Metabolic engineering of Clostridium thermocellum for n-butanol production from cellulose

Biotechnol Biofuels. 2019 Jul 23;12:186. doi: 10.1186/s13068-019-1524-6. eCollection 2019.


Background: Biofuel production from plant cell walls offers the potential for sustainable and economically attractive alternatives to petroleum-based products. In particular, Clostridium thermocellum is a promising host for consolidated bioprocessing (CBP) because of its strong native ability to ferment cellulose.

Results: We tested 12 different enzyme combinations to identify an n-butanol pathway with high titer and thermostability in C. thermocellum. The best producing strain contained the thiolase-hydroxybutyryl-CoA dehydrogenase-crotonase (Thl-Hbd-Crt) module from Thermoanaerobacter thermosaccharolyticum, the trans-enoyl-CoA reductase (Ter) enzyme from Spirochaeta thermophila and the butyraldehyde dehydrogenase and alcohol dehydrogenase (Bad-Bdh) module from Thermoanaerobacter sp. X514 and was able to produce 88 mg/L n-butanol. The key enzymes from this combination were further optimized by protein engineering. The Thl enzyme was engineered by introducing homologous mutations previously identified in Clostridium acetobutylicum. The Hbd and Ter enzymes were engineered for changes in cofactor specificity using the CSR-SALAD algorithm to guide the selection of mutations. The cofactor engineering of Hbd had the unexpected side effect of also increasing activity by 50-fold.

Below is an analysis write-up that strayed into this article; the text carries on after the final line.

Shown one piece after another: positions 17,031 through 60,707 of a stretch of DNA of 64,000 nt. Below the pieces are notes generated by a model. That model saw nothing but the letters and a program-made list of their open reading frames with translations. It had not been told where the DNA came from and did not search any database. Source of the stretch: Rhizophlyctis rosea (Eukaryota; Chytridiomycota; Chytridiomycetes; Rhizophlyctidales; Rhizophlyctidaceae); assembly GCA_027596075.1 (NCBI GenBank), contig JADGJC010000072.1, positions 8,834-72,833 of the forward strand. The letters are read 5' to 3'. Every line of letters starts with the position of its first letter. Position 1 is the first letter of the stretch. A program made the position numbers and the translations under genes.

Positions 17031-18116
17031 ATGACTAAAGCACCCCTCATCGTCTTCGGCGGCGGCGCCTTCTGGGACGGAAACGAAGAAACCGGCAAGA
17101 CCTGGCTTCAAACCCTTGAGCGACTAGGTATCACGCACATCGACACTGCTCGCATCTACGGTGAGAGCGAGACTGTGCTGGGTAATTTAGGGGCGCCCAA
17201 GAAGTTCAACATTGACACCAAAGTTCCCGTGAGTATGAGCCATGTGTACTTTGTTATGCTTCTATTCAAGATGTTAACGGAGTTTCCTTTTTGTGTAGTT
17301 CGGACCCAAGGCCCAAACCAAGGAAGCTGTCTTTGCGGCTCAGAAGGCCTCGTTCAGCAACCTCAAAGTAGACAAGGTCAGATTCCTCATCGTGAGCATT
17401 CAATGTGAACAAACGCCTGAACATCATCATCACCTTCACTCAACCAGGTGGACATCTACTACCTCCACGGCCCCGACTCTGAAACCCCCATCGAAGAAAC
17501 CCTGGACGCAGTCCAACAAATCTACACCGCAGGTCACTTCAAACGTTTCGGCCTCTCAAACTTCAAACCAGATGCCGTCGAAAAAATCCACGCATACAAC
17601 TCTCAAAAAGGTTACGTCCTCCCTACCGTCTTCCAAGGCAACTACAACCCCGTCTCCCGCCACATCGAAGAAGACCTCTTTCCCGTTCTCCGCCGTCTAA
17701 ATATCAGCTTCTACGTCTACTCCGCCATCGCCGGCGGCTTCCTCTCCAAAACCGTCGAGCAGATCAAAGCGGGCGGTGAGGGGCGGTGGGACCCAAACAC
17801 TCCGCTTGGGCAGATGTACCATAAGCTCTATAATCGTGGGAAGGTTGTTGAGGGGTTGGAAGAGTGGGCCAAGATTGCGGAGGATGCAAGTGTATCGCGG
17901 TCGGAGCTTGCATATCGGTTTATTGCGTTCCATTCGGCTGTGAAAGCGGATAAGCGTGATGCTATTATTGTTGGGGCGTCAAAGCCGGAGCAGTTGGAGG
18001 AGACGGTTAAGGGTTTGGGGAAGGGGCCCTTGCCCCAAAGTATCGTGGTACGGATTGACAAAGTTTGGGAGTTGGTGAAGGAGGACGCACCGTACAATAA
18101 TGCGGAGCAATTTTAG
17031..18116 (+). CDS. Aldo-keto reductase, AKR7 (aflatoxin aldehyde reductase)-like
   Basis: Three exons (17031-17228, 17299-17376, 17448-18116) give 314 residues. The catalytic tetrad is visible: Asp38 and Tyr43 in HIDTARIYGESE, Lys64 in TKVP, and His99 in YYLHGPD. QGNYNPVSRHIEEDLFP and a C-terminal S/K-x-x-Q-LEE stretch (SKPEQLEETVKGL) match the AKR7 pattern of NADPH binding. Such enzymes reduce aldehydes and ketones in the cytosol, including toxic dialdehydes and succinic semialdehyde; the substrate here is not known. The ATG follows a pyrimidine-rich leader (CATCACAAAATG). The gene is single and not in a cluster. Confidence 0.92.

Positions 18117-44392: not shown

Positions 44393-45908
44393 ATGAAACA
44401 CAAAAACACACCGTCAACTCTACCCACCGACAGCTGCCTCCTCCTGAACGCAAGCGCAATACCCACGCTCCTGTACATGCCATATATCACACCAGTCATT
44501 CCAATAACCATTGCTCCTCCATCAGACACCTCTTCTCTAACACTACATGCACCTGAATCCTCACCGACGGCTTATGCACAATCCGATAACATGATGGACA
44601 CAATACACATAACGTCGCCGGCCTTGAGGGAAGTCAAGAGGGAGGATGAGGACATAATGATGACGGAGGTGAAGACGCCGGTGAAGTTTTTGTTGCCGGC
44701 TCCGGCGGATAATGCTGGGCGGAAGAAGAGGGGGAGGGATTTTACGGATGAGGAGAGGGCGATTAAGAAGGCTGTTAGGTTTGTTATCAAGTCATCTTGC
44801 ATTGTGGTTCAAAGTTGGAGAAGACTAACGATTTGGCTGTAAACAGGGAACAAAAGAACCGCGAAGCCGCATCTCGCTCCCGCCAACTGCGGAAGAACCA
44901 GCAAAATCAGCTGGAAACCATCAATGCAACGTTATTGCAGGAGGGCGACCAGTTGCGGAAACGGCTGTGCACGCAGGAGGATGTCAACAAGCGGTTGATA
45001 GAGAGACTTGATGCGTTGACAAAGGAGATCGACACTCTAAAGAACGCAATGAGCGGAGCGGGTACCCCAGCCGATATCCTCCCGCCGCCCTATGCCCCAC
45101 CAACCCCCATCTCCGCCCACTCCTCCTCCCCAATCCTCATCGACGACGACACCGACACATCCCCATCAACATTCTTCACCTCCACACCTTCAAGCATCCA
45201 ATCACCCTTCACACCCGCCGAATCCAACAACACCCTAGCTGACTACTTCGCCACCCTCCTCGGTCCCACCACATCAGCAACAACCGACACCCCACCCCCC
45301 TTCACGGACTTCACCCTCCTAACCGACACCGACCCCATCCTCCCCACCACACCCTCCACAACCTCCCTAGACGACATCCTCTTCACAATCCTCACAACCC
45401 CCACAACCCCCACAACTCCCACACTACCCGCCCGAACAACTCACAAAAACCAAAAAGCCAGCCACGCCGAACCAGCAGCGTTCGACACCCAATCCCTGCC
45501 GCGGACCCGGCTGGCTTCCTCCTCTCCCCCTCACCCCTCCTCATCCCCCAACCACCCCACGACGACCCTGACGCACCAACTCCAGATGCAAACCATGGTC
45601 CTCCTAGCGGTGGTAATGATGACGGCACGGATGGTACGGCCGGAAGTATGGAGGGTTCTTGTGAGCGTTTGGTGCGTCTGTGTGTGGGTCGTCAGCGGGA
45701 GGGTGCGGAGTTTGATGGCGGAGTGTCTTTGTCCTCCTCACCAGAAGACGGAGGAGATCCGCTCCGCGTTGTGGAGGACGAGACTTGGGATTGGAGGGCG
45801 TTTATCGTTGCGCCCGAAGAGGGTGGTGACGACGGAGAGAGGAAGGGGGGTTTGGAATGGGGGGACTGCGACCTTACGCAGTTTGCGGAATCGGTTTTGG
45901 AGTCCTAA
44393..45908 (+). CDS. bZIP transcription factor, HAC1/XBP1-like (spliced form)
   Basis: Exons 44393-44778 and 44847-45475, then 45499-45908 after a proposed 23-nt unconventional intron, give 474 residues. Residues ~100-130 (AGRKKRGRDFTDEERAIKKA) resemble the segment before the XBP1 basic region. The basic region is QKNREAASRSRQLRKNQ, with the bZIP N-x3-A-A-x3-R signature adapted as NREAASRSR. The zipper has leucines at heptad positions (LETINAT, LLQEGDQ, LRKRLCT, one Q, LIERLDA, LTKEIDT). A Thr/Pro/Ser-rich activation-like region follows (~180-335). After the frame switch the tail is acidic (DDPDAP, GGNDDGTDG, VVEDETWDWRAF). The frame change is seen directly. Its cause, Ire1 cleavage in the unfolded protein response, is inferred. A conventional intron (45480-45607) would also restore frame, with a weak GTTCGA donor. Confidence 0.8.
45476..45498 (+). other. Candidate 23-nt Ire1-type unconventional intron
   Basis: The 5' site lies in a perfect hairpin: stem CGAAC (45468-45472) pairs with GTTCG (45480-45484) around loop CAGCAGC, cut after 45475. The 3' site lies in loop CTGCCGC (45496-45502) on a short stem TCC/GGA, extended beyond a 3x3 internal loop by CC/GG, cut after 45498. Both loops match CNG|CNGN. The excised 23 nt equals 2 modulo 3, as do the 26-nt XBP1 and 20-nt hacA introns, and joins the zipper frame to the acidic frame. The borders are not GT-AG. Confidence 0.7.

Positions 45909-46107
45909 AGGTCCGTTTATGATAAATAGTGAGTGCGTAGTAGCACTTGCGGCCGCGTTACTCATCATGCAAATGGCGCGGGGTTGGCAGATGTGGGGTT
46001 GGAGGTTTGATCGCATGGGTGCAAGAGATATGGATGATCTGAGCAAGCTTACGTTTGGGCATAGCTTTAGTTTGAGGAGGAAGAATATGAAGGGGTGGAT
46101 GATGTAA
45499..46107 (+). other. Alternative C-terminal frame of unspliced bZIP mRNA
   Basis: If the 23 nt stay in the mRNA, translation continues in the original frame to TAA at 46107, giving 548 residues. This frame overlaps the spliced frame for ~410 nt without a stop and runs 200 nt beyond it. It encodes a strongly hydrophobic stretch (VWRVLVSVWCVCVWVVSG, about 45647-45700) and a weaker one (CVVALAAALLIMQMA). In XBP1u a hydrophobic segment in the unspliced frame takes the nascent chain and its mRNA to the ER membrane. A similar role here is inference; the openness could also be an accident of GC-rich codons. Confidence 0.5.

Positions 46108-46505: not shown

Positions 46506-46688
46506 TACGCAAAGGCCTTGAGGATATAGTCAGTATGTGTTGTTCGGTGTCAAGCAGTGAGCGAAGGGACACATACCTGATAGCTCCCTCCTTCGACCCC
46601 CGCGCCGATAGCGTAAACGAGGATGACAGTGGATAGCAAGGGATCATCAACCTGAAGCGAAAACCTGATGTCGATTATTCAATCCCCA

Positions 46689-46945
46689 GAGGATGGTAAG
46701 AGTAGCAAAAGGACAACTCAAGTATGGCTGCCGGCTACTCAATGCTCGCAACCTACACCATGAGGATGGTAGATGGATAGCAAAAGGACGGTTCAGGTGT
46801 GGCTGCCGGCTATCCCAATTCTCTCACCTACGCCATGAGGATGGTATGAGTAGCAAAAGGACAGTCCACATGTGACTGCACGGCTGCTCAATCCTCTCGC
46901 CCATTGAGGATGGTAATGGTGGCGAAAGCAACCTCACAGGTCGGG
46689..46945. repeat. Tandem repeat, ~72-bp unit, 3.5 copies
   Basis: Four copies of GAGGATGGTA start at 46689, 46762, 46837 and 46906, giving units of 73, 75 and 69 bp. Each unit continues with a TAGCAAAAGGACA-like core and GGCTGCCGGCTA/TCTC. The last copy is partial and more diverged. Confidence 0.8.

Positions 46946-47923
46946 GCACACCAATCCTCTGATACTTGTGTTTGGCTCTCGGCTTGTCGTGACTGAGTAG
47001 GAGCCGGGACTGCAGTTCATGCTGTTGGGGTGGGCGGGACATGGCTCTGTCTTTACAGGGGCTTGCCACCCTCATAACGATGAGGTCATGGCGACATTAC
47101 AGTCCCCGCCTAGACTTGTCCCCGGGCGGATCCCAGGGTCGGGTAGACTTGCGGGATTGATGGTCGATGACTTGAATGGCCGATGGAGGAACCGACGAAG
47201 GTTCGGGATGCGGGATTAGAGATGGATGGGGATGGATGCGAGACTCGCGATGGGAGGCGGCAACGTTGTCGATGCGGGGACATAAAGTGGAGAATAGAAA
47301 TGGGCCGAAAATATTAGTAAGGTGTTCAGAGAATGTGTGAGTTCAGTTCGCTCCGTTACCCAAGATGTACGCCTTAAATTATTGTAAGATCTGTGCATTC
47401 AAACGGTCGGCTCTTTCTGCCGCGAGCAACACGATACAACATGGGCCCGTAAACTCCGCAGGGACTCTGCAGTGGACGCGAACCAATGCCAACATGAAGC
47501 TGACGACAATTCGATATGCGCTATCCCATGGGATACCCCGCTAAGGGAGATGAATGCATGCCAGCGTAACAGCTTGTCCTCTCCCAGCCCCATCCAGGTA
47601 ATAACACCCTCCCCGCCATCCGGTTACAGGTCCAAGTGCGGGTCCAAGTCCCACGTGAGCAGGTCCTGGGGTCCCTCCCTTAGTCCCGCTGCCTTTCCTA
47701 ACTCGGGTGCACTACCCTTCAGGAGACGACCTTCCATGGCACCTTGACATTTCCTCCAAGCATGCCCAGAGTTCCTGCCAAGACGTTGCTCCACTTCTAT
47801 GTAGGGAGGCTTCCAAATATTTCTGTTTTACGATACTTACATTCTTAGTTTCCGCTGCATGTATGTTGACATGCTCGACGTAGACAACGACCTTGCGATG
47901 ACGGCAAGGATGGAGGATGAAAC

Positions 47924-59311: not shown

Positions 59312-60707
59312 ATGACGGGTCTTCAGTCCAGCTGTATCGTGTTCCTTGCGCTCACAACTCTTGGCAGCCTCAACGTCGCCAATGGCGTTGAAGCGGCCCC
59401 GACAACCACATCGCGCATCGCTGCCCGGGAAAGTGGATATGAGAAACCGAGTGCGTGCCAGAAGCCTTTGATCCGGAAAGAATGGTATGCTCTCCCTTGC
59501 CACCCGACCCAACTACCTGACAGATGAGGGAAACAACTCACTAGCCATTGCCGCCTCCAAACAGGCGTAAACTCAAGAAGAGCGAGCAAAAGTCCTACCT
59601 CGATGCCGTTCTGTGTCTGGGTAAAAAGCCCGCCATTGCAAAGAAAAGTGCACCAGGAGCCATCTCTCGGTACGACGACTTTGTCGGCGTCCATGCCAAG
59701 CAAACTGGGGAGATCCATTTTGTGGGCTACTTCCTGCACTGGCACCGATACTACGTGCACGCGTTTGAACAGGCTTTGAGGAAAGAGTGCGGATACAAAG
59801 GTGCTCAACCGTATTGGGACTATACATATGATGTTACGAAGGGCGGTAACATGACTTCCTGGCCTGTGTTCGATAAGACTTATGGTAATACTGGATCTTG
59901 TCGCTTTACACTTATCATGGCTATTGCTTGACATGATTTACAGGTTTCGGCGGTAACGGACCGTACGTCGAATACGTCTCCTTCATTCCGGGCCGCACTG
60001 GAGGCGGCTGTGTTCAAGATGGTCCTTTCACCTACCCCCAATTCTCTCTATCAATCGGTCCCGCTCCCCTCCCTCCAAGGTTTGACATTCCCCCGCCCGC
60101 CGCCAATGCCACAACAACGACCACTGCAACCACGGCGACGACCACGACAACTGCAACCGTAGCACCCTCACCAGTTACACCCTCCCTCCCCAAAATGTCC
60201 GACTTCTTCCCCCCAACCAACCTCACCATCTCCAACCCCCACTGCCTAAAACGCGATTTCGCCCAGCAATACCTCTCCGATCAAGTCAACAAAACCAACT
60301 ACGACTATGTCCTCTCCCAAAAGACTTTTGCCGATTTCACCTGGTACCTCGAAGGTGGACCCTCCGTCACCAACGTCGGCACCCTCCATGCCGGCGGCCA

Conclusions: Here we report engineering C. thermocellum to produce n-butanol. Our initial pathway designs resulted in low levels (88 mg/L) of n-butanol production. By engineering the protein sequence of key enzymes in the pathway, we increased the n-butanol titer by 2.2-fold. We further increased n-butanol production by adding ethanol to the growth media. By combining all these improvements, the engineered strain was able to produce 357 mg/L of n-butanol from cellulose within 120 h.

Keywords: Cellulosic biofuel; Clostridium thermocellum; Consolidated bioprocessing; Protein engineering; n-Butanol.